By Ari Voukydis

Too often in any group creative endeavor the fear of failure weighs us down and makes us ordinary, so we pitch ideas safely or tentatively. What if you were able to create an environment in which we embraced failure as a perfect teaching tool, and rewarded the people who went out on a limb?

UCB is predicated on the idea that if you and I step onstage together, I have one singular, overriding goal: To make you look like an absolute friggin' genius. My goal is not to get laughs, or create art, or look good... it's to make sure that you do. And the trick is, you are doing the same for me.

It's not rocket science that the team who stops at nothing to make each other look good is going to go further than the team who stops at nothing to make each of themselves look good. The rocket science part is getting everyone into a headspace where they can truly put the group's welfare above their own. And nothing is better for teaching that experience than improv, because in improv if your team works together, you will succeed. And if your team doesn't trust each other, you will fail. Period. End of story.

At UCB we strive to create a culture of YES-AND. This means that when someone presents an idea, everyone is immediately on board. Not a second is spent evaluating the quality of the idea -- plenty of time for that after the show. In the moment that idea, no matter how silly or ill-conceived it might appear, is treated by everyone on the team like it deserves a Nobel prize. I may have a great scene in my mind about Abe Lincoln, but if before I say anything my scene partner says, "Happy 13th birthday, Sarah. Your father and I bought you a pony," then I'm going to shelve my own idea and dive into that pony party like it's freakin' HAMLET.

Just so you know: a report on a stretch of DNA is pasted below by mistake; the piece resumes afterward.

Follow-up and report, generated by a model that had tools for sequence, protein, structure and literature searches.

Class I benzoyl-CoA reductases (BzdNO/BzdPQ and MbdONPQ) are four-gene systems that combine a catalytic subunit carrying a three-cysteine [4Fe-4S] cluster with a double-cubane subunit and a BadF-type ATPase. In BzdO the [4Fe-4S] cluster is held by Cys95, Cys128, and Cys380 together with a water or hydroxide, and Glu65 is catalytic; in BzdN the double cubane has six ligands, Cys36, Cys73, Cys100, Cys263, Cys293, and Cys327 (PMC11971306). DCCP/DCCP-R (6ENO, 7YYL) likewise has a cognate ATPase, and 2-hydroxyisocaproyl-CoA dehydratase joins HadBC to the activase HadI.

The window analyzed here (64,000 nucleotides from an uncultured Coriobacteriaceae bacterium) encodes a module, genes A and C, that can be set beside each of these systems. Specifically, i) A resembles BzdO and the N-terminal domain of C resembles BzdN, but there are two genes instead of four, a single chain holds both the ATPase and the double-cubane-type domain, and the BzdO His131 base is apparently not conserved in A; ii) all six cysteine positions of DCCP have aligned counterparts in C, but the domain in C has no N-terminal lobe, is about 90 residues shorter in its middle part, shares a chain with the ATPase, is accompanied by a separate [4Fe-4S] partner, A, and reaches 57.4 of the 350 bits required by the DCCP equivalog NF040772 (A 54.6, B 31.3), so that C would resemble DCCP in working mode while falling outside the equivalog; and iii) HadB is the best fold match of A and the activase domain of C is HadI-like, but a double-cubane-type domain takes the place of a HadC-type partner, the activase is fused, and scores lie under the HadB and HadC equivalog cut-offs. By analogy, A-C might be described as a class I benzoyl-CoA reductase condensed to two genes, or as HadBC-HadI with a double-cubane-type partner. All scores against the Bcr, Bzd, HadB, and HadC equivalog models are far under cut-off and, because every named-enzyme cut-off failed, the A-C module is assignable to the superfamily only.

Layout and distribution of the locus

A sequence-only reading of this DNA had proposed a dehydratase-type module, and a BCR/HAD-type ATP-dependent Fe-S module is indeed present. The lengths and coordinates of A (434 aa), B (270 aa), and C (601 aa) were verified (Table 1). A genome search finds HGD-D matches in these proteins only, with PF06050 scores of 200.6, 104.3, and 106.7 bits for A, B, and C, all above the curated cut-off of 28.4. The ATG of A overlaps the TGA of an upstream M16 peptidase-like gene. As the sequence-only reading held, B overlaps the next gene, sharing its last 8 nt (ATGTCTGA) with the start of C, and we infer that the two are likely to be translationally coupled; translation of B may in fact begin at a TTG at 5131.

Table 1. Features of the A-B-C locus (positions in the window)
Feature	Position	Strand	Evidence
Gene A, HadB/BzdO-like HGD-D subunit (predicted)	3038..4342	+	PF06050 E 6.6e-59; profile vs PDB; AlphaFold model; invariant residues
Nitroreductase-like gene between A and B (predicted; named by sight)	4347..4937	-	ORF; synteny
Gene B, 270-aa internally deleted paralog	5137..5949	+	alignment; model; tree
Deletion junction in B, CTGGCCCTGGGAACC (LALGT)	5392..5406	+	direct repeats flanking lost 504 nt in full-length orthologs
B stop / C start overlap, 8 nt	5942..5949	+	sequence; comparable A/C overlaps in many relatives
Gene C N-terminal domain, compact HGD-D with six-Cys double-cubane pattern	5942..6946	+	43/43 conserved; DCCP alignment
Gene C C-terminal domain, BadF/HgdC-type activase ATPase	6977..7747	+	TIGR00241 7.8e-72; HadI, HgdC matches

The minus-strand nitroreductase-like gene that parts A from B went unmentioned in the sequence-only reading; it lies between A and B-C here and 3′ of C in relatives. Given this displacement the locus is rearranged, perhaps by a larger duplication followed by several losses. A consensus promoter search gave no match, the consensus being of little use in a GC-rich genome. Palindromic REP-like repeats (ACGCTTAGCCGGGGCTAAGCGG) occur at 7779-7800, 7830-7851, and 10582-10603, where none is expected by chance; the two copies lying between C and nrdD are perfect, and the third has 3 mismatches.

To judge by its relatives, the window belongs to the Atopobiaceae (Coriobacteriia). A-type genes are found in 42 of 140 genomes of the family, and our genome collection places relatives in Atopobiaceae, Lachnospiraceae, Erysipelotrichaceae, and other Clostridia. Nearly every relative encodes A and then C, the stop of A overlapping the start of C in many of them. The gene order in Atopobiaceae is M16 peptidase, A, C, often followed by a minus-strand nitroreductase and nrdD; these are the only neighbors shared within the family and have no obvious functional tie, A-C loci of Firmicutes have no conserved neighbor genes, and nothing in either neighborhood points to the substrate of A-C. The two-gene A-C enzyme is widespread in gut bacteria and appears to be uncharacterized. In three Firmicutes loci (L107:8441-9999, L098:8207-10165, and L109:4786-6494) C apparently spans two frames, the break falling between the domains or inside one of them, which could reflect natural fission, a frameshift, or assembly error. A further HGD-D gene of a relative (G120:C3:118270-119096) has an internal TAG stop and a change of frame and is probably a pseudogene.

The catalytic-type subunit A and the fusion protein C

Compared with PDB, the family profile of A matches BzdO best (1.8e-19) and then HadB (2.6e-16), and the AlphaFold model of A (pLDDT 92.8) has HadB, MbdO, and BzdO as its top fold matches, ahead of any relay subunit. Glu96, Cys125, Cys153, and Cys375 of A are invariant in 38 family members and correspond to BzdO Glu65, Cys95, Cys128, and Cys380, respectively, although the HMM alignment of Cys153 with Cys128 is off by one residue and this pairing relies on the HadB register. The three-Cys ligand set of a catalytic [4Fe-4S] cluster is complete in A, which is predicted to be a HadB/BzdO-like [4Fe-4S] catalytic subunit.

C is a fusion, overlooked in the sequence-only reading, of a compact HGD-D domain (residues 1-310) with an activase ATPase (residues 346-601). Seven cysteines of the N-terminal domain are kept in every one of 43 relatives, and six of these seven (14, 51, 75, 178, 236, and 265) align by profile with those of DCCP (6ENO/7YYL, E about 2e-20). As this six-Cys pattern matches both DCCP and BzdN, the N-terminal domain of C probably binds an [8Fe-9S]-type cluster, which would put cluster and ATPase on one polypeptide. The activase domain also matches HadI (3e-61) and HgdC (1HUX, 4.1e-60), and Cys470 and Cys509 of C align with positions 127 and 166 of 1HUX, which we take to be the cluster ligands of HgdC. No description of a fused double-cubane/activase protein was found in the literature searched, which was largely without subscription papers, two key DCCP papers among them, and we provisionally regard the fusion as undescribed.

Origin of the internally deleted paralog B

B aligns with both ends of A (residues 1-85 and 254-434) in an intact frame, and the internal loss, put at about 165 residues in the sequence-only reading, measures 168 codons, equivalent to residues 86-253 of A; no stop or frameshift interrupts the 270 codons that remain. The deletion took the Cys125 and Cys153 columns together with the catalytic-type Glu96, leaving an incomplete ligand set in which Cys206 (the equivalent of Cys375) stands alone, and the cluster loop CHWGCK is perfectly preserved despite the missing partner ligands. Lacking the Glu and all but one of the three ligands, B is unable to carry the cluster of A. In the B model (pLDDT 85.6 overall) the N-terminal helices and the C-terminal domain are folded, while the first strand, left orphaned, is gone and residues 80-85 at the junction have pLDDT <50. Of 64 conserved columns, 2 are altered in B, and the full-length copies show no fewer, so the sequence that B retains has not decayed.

Once you can get your team to a place where they know that any idea - simple, complicated, smart or dumb - is going to be embraced and celebrated, what's going to happen is that people are going to be willing and eager to toss out their weirder, more off-the-beaten-track ideas. And this will lead to a whole lot more ideas that don't go anywhere, but it will also lead to brilliant stuff that has never been done. Why? Because all the safe ideas have already been done, and if successful innovation were easy, everyone would be doing it.

Let me close with a horrible and yet apt business cliche: You are more apt to go out on a limb if you're certain that your team is gathered beneath, waiting to catch you, than if they're crouched behind you, sawing the damn thing off.

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